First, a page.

Perhaps you’re aware that Shashi Tharoor is upset with me and are wondering what it’s all about? Normally I would not satisfy such curiosity, but on this occasion I will. The incident helps explain the nature of journalism. It also clears up some common misunderstandings about interviews. Finally, it reveals a tension inherent in many television exchanges — the attempt to make guests say things they ought not to.
Shashi claims I bullied Farooq Abdullah into suggesting he should resign by “putting words in his mouth”. And because, earlier, I had offered Shashi the opportunity to present his case in an interview to Devil’s Advocate, he adds my Abdullah interview is a “betrayal”.
I can understand Shashi’s anger. In his place I might have felt the same. But, on both counts, Shashi is mistaken. However, it’s an error others could also have made. Hence the need for this explanation.
First, the Abdullah interview. I asked if, on the basis of the Caesar’s wife principle, Shashi should resign. “That point is to be decided by the prime minister,” was Dr Abdullah’s initial response. “When the prime minister decides he will be ordering Shashi Tharoor,” I replied, and repeated “do you think Shashi Tharoor should voluntarily take the honourable course himself?” “That I leave to him.”
At this point I changed tactics. “If you were in that position what would you do?” After a certain hesitation,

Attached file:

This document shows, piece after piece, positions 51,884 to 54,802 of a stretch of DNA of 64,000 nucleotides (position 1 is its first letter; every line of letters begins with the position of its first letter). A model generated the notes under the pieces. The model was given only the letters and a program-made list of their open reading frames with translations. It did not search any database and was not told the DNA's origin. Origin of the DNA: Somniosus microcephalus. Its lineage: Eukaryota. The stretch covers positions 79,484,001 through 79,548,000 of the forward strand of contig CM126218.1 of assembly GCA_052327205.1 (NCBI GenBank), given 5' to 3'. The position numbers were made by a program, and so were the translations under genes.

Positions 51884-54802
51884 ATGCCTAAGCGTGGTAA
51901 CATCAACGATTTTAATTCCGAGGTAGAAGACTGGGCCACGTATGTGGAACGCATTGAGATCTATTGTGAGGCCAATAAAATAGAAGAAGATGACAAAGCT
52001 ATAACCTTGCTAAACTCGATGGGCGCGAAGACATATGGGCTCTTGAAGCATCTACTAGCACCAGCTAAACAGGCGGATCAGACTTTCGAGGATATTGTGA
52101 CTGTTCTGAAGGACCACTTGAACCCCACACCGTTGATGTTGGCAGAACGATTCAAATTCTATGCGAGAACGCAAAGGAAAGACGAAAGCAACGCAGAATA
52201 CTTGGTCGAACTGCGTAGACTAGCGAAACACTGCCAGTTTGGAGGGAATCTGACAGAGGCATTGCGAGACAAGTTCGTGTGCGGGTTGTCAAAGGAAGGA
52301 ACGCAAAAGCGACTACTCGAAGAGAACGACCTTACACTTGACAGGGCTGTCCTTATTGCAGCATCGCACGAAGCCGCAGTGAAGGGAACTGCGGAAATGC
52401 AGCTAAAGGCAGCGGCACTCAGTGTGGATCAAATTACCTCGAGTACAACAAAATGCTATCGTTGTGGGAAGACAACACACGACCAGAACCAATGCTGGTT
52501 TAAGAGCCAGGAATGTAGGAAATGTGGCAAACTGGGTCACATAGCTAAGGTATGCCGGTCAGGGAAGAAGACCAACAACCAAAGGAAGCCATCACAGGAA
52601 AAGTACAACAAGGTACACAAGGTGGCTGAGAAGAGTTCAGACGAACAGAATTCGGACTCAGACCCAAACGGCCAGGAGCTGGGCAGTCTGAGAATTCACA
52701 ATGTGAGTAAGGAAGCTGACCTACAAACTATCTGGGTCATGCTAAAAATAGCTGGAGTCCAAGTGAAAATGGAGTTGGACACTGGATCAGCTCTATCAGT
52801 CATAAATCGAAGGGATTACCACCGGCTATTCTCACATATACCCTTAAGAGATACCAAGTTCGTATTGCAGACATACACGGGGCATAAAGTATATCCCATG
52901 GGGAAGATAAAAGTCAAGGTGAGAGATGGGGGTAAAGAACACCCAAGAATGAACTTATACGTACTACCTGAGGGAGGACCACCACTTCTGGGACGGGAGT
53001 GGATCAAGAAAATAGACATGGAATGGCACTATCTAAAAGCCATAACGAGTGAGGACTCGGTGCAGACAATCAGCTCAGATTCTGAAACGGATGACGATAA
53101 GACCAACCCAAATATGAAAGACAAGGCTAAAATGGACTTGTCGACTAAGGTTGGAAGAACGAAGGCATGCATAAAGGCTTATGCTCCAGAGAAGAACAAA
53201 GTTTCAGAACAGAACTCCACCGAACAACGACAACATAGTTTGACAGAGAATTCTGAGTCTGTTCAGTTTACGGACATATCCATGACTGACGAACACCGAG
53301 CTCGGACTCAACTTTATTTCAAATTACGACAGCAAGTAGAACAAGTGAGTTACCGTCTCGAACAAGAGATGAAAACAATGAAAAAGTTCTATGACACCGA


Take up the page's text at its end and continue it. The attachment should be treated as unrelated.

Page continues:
Dr Abdullah gave me a clear and unequivocal answer: “My decision will be to go…. not only (because of) my honour but also (the) honour of the country and the government.”
Whilst it’s undeniable that I tried to lure Dr Abdullah into answering the awkward Shashi question, it’s also equally true that he could have continued to prevaricate if he wanted to. If he had refused to respond on the grounds it’s a hypothetical question I would, probably, have given up.
So why did Dr Abdullah answer? Ultimately, that’s for him to say. But it wasn’t because he was boxed into a corner and left with no choice. My guess is he either wanted to or felt he should.
Next, did I mislead Shashi by earlier offering him Devil’s Advocate as an opportunity to present his case, an invitation he did not decline but, equally, did not take up? If you think carefully, the answer has to be ‘no’.
No doubt an offer to present your case suggests you will get a sympathetic hearing. But, again, that doesn’t preclude asking difficult questions. Only that you will hear the answer, assuming it’s not a deliberate filibuster. Nor does it mean you won’t raise the issue with others. In fact, Shashi’s decision not to accept my offer forced me to find other interlocutors. The irony is had he spoken to me I would never have interviewed Farooq Abdullah!
A final word about the Abdullah interview. He knew I would be raising Shashi and did not ask me to desist. Nor was he upset with the way I pursued the subject. In fact, he repeated the same answer a few hours later to the Indian Express. Further proof I did not prise it out of him.
My points are simple: journalism often involves coaxing people into saying things they might prefer to be silent about. That’s what makes news. Second, an offer to interview someone doesn’t preclude questioning a third party about them. Third, if you’re upset by what they say, don’t blame the interviewer.
(The views expressed by the author are personal)